First Look: 2009 Toyota Camry Hybrid

By dancurranjr On September 22nd, 2008

The Toyota Camry has been America’s best-selling car for years now and for 2009, Toyota apparently has invoked the if it ain’t broke, don’t fix it clause. After all, the Camry was redesigned for 2007—and then beat the competition to become our 2007 Car of the Year—so its looks are still fresh and its technology is still relatively cutting-edge.

The biggest difference you’ll notice on the 2009 Camry is that the CE trim level has been dropped. The entry-level Camry is now simply the Camry, with the LE as a mid-level package, the SE in sport trim, and the XLE as the premium brew. Of course, there is also the Camry Solara for those who want two doors and a drop top (the Solara coupe has been discontinued for 2009) and the Camry Hybrid for those looking to be even more eco-friendly or just to save at the pump via its 33/34-mpg city/highway mileage rating.

In addition to plenty of space for five passengers, the Camry also can hold a good amount of gear. The base Camry has 15 cu ft of trunk space, while the SE and XLE get 14.5 cu ft. The Camry Hybrid uses some of that cargo area to house the hybrid hardware, resulting in a 10.6-cu-ft trunk. Warranty coverage is standard Toyota—a 3-year/36,000-mile comprehensive warranty, 5-year/60,000 powertrain warranty, and 5-year/unlimited-mileage corrosion-perforation coverage.

Pricing for the Camry is competitive. The base model with a four-cylinder engine and manual trans starts at $19,145 while the V-6 automatic XLE runs $28,695. The Camry Hybrid drops in slightly below the XLE at $26,150. Reasonable pricing such as this is part of the reason why the Camry continues to reign as the king of family haulers.

The Toyota Camry remains America’s best-selling midsize car, in a segment that has been steadily gaining competitors. Camry is available in four-cylinder and V6 models, and as the Camry Hybrid, equipped with Toyota’s industry-leading Hybrid Synergy Drive.

For 2009 the CE grade is replaced by the Camry grade. The Camry is now available in Camry, LE, SE, and XLE grades.

Source: MotorTrend

Spy Photos of the New Electric BMW Mini

By dancurranjr On September 22nd, 2008

These are CAR’s first spy pictures of the electric Mini – the miserly mini that will help BMW meet tough new American regulations requiring car makers selling vehicles in California also to offer zero-emission vehicles by 2012.

Our scoop photographer snapped the Mini out testing on the roads around Munich. And it wasn’t difficult for our man to spot the battery-powered Mini; apart from its telling lack of exhaust pipes, those ‘Hybrid Test Vehicle’ decals slapped all over the car were a bit of a giveaway…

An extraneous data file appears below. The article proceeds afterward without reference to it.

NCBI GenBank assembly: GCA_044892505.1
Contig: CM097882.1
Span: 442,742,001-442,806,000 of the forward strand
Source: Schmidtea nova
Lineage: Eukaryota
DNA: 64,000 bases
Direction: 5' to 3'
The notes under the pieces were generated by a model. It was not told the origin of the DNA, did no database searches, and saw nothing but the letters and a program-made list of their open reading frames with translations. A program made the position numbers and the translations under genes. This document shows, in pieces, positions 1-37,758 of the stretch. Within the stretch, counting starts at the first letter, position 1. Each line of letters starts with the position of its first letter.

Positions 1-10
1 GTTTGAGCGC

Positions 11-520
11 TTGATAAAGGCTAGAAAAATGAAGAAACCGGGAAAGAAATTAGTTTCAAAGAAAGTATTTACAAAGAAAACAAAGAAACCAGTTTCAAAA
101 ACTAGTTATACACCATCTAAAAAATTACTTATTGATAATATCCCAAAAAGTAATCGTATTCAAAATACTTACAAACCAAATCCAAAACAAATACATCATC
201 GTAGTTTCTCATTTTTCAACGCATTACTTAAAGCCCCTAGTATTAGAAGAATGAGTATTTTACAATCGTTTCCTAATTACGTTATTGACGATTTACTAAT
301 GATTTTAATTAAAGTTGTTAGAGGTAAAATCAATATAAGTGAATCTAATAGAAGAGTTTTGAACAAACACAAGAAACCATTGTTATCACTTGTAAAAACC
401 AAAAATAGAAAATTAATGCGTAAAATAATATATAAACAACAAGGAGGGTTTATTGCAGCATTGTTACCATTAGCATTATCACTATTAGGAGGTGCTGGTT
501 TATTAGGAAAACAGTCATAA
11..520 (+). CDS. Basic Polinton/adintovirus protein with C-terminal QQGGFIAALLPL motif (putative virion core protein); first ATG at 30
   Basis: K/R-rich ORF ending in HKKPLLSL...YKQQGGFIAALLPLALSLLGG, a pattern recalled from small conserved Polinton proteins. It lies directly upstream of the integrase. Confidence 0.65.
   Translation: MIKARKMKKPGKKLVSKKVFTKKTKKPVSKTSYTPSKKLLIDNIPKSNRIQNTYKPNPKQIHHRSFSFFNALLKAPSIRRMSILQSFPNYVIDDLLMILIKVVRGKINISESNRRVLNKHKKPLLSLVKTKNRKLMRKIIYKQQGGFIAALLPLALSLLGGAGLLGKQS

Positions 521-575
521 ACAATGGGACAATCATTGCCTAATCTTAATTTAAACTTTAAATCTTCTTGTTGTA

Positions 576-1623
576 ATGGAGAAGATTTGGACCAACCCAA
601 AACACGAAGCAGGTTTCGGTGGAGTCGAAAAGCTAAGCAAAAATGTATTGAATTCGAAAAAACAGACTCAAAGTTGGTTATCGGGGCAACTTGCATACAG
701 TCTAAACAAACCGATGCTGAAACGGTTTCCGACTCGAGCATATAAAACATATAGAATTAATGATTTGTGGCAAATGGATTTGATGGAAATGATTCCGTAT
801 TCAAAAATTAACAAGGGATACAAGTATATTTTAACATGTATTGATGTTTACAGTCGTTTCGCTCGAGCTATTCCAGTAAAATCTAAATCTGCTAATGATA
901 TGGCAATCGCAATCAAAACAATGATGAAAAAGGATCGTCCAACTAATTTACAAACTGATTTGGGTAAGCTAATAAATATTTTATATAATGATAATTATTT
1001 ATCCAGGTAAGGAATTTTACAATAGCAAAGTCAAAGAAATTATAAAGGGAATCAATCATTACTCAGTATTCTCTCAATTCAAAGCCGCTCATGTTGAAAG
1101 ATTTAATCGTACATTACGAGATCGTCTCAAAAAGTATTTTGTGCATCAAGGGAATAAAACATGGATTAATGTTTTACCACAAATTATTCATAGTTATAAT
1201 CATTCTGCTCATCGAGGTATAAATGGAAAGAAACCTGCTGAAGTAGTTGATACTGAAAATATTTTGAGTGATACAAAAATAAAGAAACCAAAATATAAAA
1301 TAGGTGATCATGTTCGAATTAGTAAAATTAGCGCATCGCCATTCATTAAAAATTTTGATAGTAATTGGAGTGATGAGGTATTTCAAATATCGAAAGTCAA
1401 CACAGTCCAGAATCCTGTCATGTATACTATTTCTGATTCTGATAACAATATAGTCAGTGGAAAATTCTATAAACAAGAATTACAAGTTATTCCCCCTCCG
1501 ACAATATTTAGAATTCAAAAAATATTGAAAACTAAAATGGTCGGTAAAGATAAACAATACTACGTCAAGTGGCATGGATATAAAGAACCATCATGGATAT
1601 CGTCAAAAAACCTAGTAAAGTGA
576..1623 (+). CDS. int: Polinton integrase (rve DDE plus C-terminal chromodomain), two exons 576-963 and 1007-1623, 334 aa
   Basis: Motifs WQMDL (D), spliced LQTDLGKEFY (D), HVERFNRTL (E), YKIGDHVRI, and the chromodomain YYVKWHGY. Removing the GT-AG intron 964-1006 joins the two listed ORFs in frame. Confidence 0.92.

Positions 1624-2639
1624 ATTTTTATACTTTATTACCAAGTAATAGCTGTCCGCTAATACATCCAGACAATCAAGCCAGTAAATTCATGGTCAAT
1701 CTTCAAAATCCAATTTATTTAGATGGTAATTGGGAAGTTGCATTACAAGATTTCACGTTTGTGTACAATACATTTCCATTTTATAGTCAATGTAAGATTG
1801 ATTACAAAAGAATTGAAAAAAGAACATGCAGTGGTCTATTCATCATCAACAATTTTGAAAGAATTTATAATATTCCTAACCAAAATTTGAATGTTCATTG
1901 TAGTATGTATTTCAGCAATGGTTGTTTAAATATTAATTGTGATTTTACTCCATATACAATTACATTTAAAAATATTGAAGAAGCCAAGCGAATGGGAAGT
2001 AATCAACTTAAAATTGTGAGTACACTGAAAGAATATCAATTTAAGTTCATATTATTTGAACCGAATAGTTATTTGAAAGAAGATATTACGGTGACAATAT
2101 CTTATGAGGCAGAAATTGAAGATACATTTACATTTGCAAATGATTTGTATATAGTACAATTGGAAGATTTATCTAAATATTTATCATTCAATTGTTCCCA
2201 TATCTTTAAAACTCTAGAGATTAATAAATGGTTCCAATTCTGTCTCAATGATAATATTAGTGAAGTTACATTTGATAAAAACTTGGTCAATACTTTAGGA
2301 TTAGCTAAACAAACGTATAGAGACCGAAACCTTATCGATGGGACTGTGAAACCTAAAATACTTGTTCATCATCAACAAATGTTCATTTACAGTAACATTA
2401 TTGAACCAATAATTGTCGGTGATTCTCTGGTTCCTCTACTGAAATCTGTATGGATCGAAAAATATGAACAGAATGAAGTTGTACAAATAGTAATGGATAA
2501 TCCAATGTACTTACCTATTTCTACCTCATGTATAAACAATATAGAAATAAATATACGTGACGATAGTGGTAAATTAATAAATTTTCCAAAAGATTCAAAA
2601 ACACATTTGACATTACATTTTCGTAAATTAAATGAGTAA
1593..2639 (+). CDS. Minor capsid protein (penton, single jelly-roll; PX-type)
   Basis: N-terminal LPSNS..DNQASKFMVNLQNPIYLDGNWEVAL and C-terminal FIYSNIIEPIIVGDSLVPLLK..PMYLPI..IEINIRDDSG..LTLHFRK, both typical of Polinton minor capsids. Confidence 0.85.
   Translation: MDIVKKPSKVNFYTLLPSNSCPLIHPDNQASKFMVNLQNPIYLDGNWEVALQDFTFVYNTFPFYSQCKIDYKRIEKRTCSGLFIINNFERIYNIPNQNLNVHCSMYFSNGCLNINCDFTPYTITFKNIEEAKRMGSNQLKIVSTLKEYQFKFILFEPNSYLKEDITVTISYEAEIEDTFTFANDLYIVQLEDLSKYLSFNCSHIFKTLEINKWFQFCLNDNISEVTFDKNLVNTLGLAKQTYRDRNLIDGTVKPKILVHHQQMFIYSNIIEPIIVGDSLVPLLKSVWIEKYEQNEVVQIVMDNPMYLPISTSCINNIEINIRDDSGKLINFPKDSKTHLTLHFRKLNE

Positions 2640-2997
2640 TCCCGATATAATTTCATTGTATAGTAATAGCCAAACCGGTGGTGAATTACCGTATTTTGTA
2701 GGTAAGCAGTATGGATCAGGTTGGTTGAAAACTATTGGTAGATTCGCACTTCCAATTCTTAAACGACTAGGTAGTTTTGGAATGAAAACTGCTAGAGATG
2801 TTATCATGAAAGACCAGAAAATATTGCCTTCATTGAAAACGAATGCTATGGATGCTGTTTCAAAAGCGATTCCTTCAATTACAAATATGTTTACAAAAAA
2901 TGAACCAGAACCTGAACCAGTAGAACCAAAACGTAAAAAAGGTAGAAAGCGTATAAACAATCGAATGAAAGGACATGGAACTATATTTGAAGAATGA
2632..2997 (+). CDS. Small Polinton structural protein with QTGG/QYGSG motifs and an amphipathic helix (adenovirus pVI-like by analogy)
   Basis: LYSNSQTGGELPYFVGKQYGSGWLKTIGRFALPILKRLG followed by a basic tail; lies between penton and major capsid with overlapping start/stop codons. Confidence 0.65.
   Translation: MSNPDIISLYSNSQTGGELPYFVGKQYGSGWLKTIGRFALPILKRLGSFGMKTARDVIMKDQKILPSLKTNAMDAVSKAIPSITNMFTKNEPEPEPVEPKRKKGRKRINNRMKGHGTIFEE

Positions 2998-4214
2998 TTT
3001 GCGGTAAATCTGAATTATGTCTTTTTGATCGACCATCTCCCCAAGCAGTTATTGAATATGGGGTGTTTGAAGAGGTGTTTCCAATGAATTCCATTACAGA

It’s understood that BMW boss Norbert Reithofer will unveil the battery Mini at the 2008 Los Angeles motor show in November – the perfect location for the car’s public debut.

There’s still no word on the Mini’s electric drive system, but one insider claimed it was significant that BMW was using the front-drive Mini as a testbed for its electric drive system, rather than any rear-drive BMW models.

When can I buy an electric Mini?
Hold your horses. Mini will produce 500 electric Minis as part of its radical ‘Project i’ programme initiated to rethink low-emissions urban mobility (see the forthcoming November 2008 issue of CAR Magazine for full details on this innovative project, out on Wednesday 24 September 2008).

Mini plans to lease 490 of the cars by the end of 2009 to selected members of the public, with the remainder set aside for show and exhibition work.

So I can’t buy one in the UK?
Sadly not. At least not for now. The electric Minis are being built at the Oxford, UK plant without engine, transmission or fuel tanks before being shipped to Munich where they are being fitted with their electric innards.

All the cars will have a bespoke paint job – a silver body with a yellow roof. Not quite Duracell battery colours, but close enough.

Commenting on the Mini project, Reithofer said: ‘This step will allow the BMW Group to gain an initial knowledge of how mobility can be achieved efficiently using electrically powered vehicles.

‘Our task here is to combine the ultimate driving experience with an efficient electrified drive with practically no emissions.’

Despite the electric Minis being a sop to the Californian legislators, we can’t help feeling it’s a useful testbed for BMW’s future electric car plans.

Source: Car Magazine

BMW 750i Active-Hybrid

By dancurranjr On September 22nd, 2008